What is even more shocking is the identity of some of those benefiting from the privateering of our public services. Many Conservative and New Labour politicians have acquired financial interests in these companies. This is especially the case with the growing market in private health companies running NHS service contracts now worth billions each year. For example, the former Conservative Health Secretary Andrew Lansley now earns many £10,000s each year from acting as a consultant for several such private companies.

It was the supposed loss of control of our country to the EU that was decisive in the Brexit vote.  Yet the biggest loss of control we’ve suffered over last nearly 40 years is noyt to the EU, but the huge sell off of our state assets to the rich individuals and corporations and even foreign governments. And the evidence suggests in many cases they run them less efficiently than a public provider. At the same time they leach off billions of pounds of our money in profits from which they reward themselves handsomely (even while often providing often poor levels of service). If we don’t like the way a government or council runs public services we can kick them out but there is nothing we can do when they are owned and run privately.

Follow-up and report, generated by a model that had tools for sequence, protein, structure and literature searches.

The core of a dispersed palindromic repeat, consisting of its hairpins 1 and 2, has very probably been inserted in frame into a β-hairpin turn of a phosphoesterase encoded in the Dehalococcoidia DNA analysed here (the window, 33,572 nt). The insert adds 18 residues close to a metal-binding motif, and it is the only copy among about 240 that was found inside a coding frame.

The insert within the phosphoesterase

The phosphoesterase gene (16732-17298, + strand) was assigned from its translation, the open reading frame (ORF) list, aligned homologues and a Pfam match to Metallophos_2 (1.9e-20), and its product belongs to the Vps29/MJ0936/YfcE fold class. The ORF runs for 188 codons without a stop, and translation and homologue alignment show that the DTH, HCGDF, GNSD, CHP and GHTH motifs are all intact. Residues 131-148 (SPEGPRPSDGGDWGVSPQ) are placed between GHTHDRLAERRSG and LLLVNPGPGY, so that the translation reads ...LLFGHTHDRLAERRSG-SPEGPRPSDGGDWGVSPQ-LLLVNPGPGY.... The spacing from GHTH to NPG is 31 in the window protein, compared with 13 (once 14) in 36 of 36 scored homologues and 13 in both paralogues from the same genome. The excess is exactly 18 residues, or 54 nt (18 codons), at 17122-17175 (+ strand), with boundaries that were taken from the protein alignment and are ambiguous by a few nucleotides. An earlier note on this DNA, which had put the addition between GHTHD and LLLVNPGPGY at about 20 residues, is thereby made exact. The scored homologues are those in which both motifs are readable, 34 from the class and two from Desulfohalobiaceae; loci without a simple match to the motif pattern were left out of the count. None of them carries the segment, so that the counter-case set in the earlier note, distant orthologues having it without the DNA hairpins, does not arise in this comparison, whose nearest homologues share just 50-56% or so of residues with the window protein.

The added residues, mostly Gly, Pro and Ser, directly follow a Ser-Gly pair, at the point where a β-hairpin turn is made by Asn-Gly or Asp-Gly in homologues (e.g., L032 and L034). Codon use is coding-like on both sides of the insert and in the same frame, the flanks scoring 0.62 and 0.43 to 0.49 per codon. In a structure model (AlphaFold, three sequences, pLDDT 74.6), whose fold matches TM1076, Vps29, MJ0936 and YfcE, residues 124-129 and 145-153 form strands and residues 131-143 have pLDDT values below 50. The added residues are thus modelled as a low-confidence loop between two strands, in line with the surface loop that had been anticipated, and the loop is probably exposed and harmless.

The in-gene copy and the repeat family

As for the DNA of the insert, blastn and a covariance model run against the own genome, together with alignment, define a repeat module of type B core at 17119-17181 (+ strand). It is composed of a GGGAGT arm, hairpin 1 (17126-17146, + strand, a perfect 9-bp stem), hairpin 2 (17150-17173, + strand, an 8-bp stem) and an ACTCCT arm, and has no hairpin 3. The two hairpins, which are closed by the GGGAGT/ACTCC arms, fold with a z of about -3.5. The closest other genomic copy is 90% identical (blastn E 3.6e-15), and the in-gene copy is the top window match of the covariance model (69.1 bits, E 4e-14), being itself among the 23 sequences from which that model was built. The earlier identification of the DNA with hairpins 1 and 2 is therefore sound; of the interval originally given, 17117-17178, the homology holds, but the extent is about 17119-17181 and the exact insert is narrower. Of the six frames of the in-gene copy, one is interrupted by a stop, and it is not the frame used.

Very few now would suggest that the state should run everything. That argument was lost by the 1980s as we saw the disastrous failed experiment of communism, epitomised in the collapse of the Berlin wall. For the state to try to control everything just doesn’t work. It leads to terrible inefficiencies, abuses of power from those in charge of the state levers that causes its own unfair inequalities and suppression of freedom.  However, to leave the “market” to run everything without proper state control leads to an equal and opposite failure. To follow the free market in all things is to worship a false blind god who cannot see where it takes us. The free market therefore needs to be managed and regulated to ensure it doesn’t lead us into ditches or off cliffs- as was illustrated so clearly in the banking crisis just over 10 years ago. And there are some areas of life where we do actually need state ownership and control to ensure that basic services and resources are properly planned, fairly shared fairly and efficiently managed. To leave everything to the market is a recipe for chaos, an inefficient use of resources and the accumulation of too much power and wealth in the hands of a few at the expense of the many. However, this is very much the direction this country has been heading in for the past nearly 40 years. We need to change course to take us back to a more mixed economy, which our country enjoyed in the 1950s and 60s, a path followed still by many other successful Northern European countries. The threat of enslavement by Communism fell with the Berlin wall. However, since then we have allowed too much of this country to be enslaved by another false god- the “free market”- a religion that has too often served the interests of the rich few rather than the many. It’s time to tear down the temples of that false religion and build something better, that works in the interests of everyone and better serves Jesus’s Kingdom values of looking after each other and ensuring everyone has enough.